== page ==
Academic history paintings were popular in the New World.
Martín Tovar y Tovar (Venezuela, 1827-1902), The Battle of Carabobo (detail), 1887, one ofsix canvas murals for the dome of the Salón Elíptico in the capitol building of Caracas, Venezuela 1887. Simón Bolívar’s revolutionary army won the 1821 battle and entered Caracas to claim independence for Venezuela.
Arturo Michelena (Venezuela 1863 -1898), Miranda in La Carraca, 1896, oil on canvas, Galeria de Arte Nacional, Caracas. Comparison (right) is Jacques-Louis David, Death of Socrates, 1787. Neo-Classicism
Reading: “Dispossession, Assimilation, and the Image of the Indian in Late Nineteenth Century Mexican Painting,”
by Stacie Widdifield
The captions in the above paintings say, top, "from mulato and mestiza, quadroon," bottom, "from quadroon and mestiza, coyote." Identifications varied in different sets of "caste paintings." Some, for instance, defined a "coyote" as an Indian and white mix without any African.
What was Stacie Widdifield’s thesis in
and the Image of the Indian in Late-
Nineteenth-Century Mexican Painting”?
Subjects are “objects of paternalism typical
of 19th century writing about the contemporary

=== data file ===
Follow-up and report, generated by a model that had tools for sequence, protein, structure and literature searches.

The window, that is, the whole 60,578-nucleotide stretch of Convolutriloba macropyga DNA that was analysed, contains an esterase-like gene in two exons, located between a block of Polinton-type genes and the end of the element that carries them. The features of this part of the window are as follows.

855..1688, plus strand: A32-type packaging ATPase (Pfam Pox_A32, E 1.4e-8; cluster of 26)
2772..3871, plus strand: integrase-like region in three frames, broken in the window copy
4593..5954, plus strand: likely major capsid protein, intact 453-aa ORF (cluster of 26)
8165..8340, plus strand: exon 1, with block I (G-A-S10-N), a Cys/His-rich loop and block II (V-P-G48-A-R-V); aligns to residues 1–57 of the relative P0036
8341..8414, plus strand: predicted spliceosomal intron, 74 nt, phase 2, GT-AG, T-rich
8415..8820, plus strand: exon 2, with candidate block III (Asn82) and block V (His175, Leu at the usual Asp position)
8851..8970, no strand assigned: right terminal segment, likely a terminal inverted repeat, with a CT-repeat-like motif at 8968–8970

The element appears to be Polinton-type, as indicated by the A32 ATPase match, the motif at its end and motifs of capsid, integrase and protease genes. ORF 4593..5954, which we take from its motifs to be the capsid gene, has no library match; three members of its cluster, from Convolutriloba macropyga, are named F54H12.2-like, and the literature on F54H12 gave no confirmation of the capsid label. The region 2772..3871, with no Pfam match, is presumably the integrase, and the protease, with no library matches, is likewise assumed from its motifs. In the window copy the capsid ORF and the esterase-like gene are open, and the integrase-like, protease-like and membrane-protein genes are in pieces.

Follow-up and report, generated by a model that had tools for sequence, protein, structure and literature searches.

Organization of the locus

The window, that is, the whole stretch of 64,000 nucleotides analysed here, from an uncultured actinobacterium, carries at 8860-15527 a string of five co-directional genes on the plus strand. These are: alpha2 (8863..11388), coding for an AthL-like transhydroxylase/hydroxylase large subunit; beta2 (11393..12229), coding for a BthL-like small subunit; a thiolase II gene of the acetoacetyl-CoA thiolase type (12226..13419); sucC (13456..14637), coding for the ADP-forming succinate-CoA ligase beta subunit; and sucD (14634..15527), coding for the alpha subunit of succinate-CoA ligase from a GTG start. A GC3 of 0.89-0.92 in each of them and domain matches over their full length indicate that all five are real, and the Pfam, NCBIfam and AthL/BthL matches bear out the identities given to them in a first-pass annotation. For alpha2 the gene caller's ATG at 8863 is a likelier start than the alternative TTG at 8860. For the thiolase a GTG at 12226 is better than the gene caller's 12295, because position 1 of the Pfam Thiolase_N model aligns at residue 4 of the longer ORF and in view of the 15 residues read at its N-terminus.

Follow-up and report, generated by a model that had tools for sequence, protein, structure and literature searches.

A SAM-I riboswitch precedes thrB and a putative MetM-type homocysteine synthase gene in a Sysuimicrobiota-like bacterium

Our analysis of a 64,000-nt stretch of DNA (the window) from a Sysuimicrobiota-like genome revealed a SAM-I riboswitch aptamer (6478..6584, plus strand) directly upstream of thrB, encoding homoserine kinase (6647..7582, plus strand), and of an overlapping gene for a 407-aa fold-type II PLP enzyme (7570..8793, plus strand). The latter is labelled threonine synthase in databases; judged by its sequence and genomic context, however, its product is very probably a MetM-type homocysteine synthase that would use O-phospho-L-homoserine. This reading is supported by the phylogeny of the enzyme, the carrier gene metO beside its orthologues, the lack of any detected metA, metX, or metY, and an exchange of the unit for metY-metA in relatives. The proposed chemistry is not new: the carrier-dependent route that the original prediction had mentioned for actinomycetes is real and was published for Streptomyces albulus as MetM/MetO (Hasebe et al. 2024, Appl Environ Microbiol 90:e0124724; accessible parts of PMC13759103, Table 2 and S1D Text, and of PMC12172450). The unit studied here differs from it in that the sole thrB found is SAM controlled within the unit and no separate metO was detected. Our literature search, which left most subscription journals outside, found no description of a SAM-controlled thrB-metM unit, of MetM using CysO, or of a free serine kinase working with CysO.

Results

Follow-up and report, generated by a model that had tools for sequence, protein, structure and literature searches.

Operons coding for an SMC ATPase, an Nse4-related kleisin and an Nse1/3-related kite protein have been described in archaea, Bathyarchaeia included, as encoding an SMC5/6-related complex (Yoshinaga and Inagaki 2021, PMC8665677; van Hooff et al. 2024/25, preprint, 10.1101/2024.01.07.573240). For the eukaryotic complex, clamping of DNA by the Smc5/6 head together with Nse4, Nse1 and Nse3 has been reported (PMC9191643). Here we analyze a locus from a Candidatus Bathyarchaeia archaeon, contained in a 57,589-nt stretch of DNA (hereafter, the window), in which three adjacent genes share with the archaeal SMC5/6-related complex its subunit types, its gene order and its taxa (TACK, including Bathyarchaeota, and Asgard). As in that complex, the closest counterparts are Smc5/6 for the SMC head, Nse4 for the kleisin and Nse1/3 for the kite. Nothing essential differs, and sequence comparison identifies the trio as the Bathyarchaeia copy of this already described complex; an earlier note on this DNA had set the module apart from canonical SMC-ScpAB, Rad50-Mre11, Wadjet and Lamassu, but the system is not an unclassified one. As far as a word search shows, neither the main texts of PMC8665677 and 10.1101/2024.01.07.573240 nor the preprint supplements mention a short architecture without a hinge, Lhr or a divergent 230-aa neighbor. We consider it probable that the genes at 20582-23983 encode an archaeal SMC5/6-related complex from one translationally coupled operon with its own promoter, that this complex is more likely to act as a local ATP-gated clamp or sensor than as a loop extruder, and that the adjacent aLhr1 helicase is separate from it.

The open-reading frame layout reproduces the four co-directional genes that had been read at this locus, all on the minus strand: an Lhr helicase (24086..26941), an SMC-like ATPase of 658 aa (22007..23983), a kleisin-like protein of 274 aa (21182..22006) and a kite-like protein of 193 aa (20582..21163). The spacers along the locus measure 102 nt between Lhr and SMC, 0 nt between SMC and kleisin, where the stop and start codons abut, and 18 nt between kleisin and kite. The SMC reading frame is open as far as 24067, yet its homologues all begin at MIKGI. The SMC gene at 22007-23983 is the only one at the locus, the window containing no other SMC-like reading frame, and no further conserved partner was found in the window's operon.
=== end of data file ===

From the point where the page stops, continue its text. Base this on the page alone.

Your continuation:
Felix Parra, Friar Bartolomé de las Casas, 1875, oil on canvas, Museo Nacional de Arte, Mexico City. The woman turns to the Christian friar and not the Aztec god.
Isidro Martinez, The Princess Papantzin, 1880, oil on canvas, 44 x 70inches. Museo de Bellas Artes de Toluca, State of Mexico. Sister of Moctezuma II, Papantzin’s Europeanized features are a sign of her conversion to Christianity.
José Escudero y Espronceda, Portrait of Benito Juarez and Margarita Maza de Juarez, 1890, oil on canvas, 28 x 23 inches, Museu Nacional de Historia, Mexico City
Xochitl, who discovered pulque, presents it to Tecpancaltzin
Academic Neoclassicism in Mexico
Leandro Izaguirre, Torture of Cuauhtémoc, 1893, oil on canvas, over 9 x 14 feet, National Museum of Art, Mexico City. Cuauhtémoc (c.1502–1525) was the Aztec ruler of Tenochtitlan from 1520 to 1521. Painted for the Chicago World’s Fair of 1893.